1. It’s not like you see on TV. People do not have CPR for a minute or so, cough, open their eyes and then have a cup of tea. Most patients do not survive when they have a cardiac arrest in hospital.
2. CPR is brutal. The first few pushes on a patient’s chest still make my toes curl. You need to push hard. Under your hands you can feel the vibrations of the cartilage shearing, ribs cracking and sometimes the sternum snapping. The longer the arrest, the skin on the sternum can bruise or even tear (especially in the frail) and chest can become misshaped.
3. During a cardiac arrest, the arrest team arrive. Sometimes up to 20 people can be around the bed space, or if your patient is trapped behind a door in the bathroom, space is always an issue. Stress levels are often high, even with the most seasoned experts. No one likes going to a cardiac arrest.
4. Doing ‘good’ CPR (chest compressions) is exhausting! I can only manage one minute of chest compressions before I’m feeling like I have run a marathon. Not because I’m unfit – adrenaline, exertion, the fact I have already run up three flights of stairs to get there is usually to blame.
5. After CPR, if the patient has not survived (unfortunately, that is usually the case), I stay and support the nurses and look back. The first thing that hits me is the devastation - the bed pulled out at an odd angle, the explosion of equipment surrounding the patient, the empty drug packets, blood spatters, the blankets and sheets on the floor, the team walking away to the next emergency and the exposed body of the patient, undignified and alone. This is the reality of CPR.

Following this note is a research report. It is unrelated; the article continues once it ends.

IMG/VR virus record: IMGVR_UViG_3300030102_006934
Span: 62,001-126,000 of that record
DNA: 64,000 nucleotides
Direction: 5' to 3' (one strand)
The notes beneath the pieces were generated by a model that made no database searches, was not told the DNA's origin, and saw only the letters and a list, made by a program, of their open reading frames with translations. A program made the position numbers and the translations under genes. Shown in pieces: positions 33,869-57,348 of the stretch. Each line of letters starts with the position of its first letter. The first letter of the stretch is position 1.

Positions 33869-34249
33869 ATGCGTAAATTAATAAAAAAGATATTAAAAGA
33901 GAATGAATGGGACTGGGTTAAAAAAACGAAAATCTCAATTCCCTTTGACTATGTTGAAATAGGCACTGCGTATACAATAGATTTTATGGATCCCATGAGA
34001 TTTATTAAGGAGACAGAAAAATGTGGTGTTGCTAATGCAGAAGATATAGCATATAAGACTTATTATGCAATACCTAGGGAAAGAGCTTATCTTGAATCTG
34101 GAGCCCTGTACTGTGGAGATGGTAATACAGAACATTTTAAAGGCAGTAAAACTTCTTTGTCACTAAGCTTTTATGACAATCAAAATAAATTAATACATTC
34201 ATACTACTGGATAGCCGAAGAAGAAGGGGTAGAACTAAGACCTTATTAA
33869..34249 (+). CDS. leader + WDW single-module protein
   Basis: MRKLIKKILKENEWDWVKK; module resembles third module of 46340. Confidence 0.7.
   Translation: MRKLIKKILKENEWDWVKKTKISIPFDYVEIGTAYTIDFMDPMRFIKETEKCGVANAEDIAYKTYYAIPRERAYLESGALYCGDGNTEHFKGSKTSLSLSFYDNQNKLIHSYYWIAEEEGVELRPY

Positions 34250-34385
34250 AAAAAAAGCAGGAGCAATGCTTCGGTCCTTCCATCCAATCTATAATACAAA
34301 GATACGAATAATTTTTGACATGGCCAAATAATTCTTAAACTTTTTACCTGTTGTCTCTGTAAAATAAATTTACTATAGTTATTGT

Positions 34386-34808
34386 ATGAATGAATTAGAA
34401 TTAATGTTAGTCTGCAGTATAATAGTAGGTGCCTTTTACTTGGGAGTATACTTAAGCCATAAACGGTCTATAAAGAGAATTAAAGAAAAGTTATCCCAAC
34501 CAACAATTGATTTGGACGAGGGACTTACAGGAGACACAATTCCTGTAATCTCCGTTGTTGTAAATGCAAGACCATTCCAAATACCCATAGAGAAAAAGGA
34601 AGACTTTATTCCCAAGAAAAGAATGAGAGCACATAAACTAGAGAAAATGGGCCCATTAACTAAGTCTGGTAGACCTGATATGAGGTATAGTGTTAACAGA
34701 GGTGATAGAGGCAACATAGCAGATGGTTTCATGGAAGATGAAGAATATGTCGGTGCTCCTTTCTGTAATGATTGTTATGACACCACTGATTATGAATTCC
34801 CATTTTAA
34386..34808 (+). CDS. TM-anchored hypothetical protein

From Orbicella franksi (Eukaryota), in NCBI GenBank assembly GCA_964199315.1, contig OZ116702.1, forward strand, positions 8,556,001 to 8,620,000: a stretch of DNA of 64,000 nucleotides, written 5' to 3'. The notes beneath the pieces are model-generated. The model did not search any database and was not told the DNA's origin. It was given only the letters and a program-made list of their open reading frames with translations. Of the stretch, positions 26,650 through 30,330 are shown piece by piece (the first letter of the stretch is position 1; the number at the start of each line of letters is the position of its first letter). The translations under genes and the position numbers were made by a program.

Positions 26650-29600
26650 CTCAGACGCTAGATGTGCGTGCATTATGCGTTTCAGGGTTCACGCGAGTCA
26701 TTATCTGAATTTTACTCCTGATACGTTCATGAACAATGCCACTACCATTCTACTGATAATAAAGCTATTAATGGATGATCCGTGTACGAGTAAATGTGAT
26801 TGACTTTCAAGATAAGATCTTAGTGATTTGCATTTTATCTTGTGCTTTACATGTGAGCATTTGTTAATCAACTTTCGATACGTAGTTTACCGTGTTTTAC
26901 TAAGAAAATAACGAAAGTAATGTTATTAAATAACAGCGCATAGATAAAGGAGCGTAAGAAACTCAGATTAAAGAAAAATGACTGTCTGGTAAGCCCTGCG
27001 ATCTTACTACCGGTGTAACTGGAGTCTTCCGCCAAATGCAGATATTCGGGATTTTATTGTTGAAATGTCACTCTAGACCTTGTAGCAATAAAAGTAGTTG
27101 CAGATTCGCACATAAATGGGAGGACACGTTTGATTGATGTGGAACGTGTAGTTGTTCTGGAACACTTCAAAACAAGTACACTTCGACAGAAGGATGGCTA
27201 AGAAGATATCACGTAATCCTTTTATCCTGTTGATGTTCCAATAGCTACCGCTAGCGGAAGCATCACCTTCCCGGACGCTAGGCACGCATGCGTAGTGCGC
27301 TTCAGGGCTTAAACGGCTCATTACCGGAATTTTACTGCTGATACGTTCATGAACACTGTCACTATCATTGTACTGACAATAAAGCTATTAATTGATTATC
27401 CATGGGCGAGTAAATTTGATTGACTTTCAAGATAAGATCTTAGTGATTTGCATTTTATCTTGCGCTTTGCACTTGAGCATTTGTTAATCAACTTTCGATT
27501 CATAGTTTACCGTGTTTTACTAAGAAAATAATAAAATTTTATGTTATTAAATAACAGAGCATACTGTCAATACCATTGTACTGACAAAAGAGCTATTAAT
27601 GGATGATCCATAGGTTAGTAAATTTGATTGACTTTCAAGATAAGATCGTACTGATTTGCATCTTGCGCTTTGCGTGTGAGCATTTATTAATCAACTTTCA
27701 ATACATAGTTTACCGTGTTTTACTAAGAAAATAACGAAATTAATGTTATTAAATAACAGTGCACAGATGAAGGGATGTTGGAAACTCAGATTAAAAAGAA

About Claire Cox
Claire has been a nurse for 22 years. Much of her career has been in the Acute sector within the NHS. Spending over ten years specialising in coronary care and seven years as a critical care outreach sister, she has been involved in hundreds of cardiac arrests.
Claire currently works one day a week as a critical care outreach sister, while the working the other part of the week with a charity called Patient Safety Learning, helping to transform safety in health and social care, creating a world where patients are free from harm. The charity helps healthcare systems and organisations enable safer care for patients by identifying the critical factors that affect patient safety and analysing the systemic reasons they fail. It envisions safer care, recommends how to get there and then acts to make it happen.
Being a ‘hybrid’ Claire hopes to make a safer healthcare a safer place by working inside and outside of the NHS. For more information, visit the Patient safety Learning website and follow Claire on Twitter.